Tag Archives: life

And love remains

To the grave from the cradle
we crawl,
we walk,
run, roll, dance,
strut, stagger, and shuffle
until we can move no more
and we are welcomed home
and love remains.

8 March 2018
Pittsburgh, Pennsylvania

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Filed under Family, Friends, Poem

Five years

Five years. The vagaries of time make it feel like yesterday and like a lifetime ago, all in the same moment.

Ruling Elder Cynthia Bolbach, moderator of the 219th General Assembly (2010) of the Presbyterian Church (U.S.A.) died on 12-12-12 in the afternoon. This post was written on that day at a time before I knew of her death. For a number of reasons, it seems worth sharing again and remembering this amazing woman and beloved child of God.

I did something today I have never done before.

I stood in silence for five minutes.

I am not big on pomp and circumstance and formality. A South African friend once observed that I can be a bit “cheeky” to those in authority. For some reason everyone who has heard that assessment has agreed with it. Go figure.

I stood in silence today for five minutes in honor of Cindy Bolbach.

The tradition in the Presbyterian Church (U.S.A.) is to stand when the General Assembly moderator enters the room. Almost every moderator in my memory has encouraged people not to do so. Most of the time most of them meant it. Yet the tradition persists – in honor of the person and even more so in respect of the office. And while it is not my favorite thing, I take part.

Today, without being asked, without being prompted, I chose to stand in silence for five minutes in honor of Cindy Bolbach – moderator of the 219th General Assembly (2010).

I watched her election from the back of the auditorium in Minneapolis. My son Sean and I leaned against the wall.

A period of questions and answers precedes the voting. Commissioners (the folks with the votes) pose questions and the individuals standing (we’re Presbyterian, we don’t run) respond. The questions deal with theology, issues before the church, and issues in the world.

At one point, a question was posed along the lines of: “What would happen to the church, if you were not elected and one of the other candidates were?”

One by one the candidates offered replies praising the others and noting that the church did not depend on their election. Then Cindy Bolbach stepped to the mike. I do not remember her exact words, but the essence was:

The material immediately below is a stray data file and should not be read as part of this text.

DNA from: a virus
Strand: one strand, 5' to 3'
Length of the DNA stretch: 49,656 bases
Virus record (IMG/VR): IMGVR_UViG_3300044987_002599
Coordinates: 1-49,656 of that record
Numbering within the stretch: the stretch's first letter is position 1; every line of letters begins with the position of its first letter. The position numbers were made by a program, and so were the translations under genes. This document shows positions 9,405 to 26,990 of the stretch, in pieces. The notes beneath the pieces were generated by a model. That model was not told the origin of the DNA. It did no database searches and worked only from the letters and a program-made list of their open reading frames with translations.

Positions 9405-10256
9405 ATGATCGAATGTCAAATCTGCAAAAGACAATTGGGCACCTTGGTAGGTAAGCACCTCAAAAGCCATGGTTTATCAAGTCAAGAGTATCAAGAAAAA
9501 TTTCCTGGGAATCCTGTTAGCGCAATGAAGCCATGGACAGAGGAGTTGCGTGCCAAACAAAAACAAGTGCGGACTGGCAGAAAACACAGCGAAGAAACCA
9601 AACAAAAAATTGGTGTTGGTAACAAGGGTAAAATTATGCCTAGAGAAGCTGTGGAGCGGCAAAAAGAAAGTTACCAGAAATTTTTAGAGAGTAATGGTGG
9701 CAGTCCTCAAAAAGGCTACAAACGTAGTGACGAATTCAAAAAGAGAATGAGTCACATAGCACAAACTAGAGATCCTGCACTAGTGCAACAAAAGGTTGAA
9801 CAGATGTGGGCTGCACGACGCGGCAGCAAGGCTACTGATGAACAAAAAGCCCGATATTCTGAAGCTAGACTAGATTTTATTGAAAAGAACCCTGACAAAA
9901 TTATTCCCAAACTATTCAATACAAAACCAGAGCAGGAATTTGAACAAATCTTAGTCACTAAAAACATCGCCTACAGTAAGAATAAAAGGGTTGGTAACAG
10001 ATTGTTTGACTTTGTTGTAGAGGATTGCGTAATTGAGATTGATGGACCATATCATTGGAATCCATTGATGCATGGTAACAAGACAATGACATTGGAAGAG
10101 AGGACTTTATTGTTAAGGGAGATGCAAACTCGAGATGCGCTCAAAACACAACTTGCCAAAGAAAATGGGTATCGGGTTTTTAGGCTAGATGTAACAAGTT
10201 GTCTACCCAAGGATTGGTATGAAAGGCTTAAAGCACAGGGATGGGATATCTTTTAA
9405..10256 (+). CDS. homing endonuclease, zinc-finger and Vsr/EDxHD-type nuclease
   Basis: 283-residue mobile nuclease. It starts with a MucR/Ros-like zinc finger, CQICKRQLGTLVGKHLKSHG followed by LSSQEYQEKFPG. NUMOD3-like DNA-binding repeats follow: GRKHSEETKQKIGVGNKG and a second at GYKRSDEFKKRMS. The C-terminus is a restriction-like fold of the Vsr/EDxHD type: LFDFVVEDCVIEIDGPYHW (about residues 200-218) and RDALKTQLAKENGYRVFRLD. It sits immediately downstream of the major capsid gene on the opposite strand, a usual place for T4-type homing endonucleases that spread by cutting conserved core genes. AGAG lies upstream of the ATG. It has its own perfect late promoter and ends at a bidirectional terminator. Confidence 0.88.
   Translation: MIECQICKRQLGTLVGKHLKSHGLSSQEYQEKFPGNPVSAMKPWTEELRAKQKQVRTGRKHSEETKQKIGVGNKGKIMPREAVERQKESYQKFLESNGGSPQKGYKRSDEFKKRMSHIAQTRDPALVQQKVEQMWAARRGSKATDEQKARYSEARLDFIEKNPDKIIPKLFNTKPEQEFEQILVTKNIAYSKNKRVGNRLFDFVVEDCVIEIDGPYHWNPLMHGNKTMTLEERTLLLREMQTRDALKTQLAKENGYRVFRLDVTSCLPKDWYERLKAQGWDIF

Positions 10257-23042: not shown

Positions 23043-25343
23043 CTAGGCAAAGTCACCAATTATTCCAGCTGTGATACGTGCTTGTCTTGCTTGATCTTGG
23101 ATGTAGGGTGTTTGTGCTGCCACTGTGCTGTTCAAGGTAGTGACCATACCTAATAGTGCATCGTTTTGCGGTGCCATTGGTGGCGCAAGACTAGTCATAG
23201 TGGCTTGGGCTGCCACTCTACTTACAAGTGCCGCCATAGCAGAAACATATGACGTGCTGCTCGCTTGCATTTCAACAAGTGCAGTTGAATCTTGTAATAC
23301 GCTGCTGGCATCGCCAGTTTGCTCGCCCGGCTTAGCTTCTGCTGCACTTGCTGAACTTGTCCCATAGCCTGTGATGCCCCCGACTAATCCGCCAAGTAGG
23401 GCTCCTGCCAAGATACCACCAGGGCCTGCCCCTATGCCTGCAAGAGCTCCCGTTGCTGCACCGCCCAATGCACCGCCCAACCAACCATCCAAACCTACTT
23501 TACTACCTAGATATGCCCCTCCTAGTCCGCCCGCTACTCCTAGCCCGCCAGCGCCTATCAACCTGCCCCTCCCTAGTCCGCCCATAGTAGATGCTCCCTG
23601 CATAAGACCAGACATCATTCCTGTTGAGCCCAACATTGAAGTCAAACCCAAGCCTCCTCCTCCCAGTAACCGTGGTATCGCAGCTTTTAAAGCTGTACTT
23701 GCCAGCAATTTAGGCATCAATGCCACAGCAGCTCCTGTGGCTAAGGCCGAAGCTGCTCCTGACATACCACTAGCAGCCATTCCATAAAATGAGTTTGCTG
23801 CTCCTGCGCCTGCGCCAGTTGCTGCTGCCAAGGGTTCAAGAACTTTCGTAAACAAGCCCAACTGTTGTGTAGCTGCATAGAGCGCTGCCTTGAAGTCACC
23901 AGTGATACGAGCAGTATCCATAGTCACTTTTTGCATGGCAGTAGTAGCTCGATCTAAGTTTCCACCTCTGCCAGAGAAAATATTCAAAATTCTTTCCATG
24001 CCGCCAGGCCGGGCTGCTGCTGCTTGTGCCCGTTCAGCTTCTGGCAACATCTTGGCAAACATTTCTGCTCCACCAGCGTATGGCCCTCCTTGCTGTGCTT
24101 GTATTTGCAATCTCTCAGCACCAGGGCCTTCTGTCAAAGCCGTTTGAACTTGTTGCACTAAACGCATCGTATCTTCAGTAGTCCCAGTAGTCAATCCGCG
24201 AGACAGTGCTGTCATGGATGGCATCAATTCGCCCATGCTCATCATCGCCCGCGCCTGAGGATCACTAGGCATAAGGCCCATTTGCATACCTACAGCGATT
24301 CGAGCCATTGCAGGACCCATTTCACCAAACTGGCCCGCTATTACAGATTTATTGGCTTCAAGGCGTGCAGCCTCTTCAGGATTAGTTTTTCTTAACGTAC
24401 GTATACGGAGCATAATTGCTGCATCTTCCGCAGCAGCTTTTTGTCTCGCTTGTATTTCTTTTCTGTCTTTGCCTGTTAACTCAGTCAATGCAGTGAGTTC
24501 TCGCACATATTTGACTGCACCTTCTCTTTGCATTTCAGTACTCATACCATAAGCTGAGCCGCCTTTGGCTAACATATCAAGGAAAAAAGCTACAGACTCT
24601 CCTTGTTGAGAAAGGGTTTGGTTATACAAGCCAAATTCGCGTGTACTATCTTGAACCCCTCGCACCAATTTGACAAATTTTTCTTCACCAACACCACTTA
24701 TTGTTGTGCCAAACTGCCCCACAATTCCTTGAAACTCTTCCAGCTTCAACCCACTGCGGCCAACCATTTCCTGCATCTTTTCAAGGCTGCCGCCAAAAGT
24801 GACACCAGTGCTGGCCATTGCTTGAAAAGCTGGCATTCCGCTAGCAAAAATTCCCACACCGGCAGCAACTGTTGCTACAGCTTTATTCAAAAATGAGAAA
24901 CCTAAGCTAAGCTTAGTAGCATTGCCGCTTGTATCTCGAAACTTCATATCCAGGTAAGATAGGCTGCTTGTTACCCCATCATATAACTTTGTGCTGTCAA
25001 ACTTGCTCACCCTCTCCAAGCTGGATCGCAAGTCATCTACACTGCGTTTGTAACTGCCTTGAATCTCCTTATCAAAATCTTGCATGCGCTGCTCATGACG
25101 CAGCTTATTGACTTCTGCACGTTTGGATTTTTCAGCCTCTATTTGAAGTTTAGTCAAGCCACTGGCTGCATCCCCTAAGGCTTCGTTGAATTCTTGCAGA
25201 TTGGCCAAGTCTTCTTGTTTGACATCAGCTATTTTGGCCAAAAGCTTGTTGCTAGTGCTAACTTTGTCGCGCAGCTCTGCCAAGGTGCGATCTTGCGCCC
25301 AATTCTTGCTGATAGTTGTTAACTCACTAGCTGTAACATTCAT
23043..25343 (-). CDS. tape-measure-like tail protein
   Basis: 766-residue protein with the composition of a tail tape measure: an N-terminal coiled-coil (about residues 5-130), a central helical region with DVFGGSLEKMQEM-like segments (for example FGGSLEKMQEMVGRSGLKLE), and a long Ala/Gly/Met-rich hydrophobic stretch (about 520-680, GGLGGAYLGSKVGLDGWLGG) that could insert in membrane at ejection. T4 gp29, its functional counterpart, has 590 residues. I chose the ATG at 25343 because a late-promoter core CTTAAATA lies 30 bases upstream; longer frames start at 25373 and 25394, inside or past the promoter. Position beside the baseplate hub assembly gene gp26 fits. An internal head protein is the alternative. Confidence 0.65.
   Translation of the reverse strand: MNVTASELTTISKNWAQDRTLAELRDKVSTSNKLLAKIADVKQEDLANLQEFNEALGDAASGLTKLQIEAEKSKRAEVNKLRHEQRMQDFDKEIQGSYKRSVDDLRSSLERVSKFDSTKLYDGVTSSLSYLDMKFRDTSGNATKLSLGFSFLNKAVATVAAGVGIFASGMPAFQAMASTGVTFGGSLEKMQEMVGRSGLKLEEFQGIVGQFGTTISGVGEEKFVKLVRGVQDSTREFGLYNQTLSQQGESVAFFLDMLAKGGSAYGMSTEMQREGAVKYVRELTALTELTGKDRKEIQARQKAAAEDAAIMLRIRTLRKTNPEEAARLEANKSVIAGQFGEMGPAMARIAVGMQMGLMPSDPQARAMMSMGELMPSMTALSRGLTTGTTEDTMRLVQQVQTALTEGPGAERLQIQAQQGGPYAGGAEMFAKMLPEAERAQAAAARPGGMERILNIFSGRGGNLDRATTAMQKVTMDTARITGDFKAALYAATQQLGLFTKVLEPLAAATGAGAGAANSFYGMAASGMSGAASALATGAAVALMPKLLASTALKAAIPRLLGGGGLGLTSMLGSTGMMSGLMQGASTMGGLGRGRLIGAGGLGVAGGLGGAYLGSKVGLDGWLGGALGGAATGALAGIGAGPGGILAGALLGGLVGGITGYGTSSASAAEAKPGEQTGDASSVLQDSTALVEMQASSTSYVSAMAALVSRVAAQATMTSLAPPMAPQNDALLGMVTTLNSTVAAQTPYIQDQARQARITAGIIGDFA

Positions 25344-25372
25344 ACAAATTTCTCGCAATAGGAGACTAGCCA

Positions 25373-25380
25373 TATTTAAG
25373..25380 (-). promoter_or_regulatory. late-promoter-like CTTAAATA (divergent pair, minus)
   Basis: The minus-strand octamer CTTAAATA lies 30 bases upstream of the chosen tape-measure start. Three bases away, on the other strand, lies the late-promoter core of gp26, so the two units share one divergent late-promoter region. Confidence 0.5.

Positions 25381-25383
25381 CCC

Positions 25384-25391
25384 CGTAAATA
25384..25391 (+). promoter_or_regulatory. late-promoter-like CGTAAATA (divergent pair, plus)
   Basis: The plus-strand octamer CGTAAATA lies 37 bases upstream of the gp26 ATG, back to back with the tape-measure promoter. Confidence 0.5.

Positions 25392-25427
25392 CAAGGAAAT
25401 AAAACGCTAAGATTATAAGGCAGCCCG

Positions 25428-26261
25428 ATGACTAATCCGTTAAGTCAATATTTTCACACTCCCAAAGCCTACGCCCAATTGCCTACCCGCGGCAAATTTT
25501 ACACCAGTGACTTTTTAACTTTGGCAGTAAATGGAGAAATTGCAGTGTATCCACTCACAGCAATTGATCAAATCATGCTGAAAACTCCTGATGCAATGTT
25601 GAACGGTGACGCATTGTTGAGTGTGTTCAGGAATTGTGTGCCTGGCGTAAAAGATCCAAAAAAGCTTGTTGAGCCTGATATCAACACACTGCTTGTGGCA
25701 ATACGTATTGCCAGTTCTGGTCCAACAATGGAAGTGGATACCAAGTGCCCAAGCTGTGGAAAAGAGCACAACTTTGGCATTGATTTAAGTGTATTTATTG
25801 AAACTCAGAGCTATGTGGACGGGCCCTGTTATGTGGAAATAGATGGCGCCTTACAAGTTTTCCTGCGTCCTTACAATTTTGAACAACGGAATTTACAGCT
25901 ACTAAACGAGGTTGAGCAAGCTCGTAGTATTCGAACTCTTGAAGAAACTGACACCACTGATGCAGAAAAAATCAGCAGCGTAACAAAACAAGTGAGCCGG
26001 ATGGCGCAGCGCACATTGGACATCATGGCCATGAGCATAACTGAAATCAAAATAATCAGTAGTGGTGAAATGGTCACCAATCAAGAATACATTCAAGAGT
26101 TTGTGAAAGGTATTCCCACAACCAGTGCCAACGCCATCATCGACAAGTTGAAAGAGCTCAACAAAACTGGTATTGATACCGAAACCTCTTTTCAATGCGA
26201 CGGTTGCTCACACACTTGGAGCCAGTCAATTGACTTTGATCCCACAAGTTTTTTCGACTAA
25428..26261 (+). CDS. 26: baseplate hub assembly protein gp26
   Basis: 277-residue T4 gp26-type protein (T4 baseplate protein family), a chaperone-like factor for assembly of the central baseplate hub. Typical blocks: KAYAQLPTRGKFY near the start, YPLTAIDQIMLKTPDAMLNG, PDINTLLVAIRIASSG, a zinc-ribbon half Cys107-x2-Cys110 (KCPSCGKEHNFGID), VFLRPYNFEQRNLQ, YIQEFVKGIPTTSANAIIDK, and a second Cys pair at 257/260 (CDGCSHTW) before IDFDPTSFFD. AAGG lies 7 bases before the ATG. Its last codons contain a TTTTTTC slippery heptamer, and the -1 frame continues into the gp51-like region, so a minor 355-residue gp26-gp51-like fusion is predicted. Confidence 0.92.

There will be utter chaos.

The Assembly erupted in laughter. Sean turned to me and said, “She just won, didn’t she?”

The Assembly still had to vote. But Cindy did win. And I believe her sparkling humor that bristles with wisdom played a key role.

I stood in silence today for five minutes in honor of Cindy Bolbach.

Cindy is a woman of incredible faith, deep love, amazing grace, and an incredible wit. She lives daily her commitment to Christ, to the Church, to the Presbyterian Church (U.S.A.) , to all people, and to God’s world. She mixes simplicity and profound sincerity with a capability to navigate complexity and controversy. I am privileged to know her. The Church (in all its manifestations) is blessed by her presence.

For most of this year, Cindy has struggled against cancer. The struggle cut short her ability to attend events but it never dampened her spirits (at least in public). She wore a fedora to the 220th General Assembly (2012) and she wore it well.

This morning came the news that Cindy has entered hospice care. And I stood for five minutes in her honor.

But in the silence it came to me that another way – a better way – to honor Cindy Bolbach – is to give thanks to God for Cindy – to entrust Cindy to God’s merciful care – to pray for her without ceasing – then to get back about the business of ministry. I am pretty sure that is what she would want. So it is what I have done.

When Cindy returns to the dust, as we all will someday do, I will shed more tears. But I will also proclaim “Alleluia.”

When Cindy returns to the dust, as we all will someday do, there will be utter chaos. But in the chaos there will be love and there will be grace and there will be God. And all will be well for Cindy. And all will be well for us. Alleluia. Alleluia. Alleluia.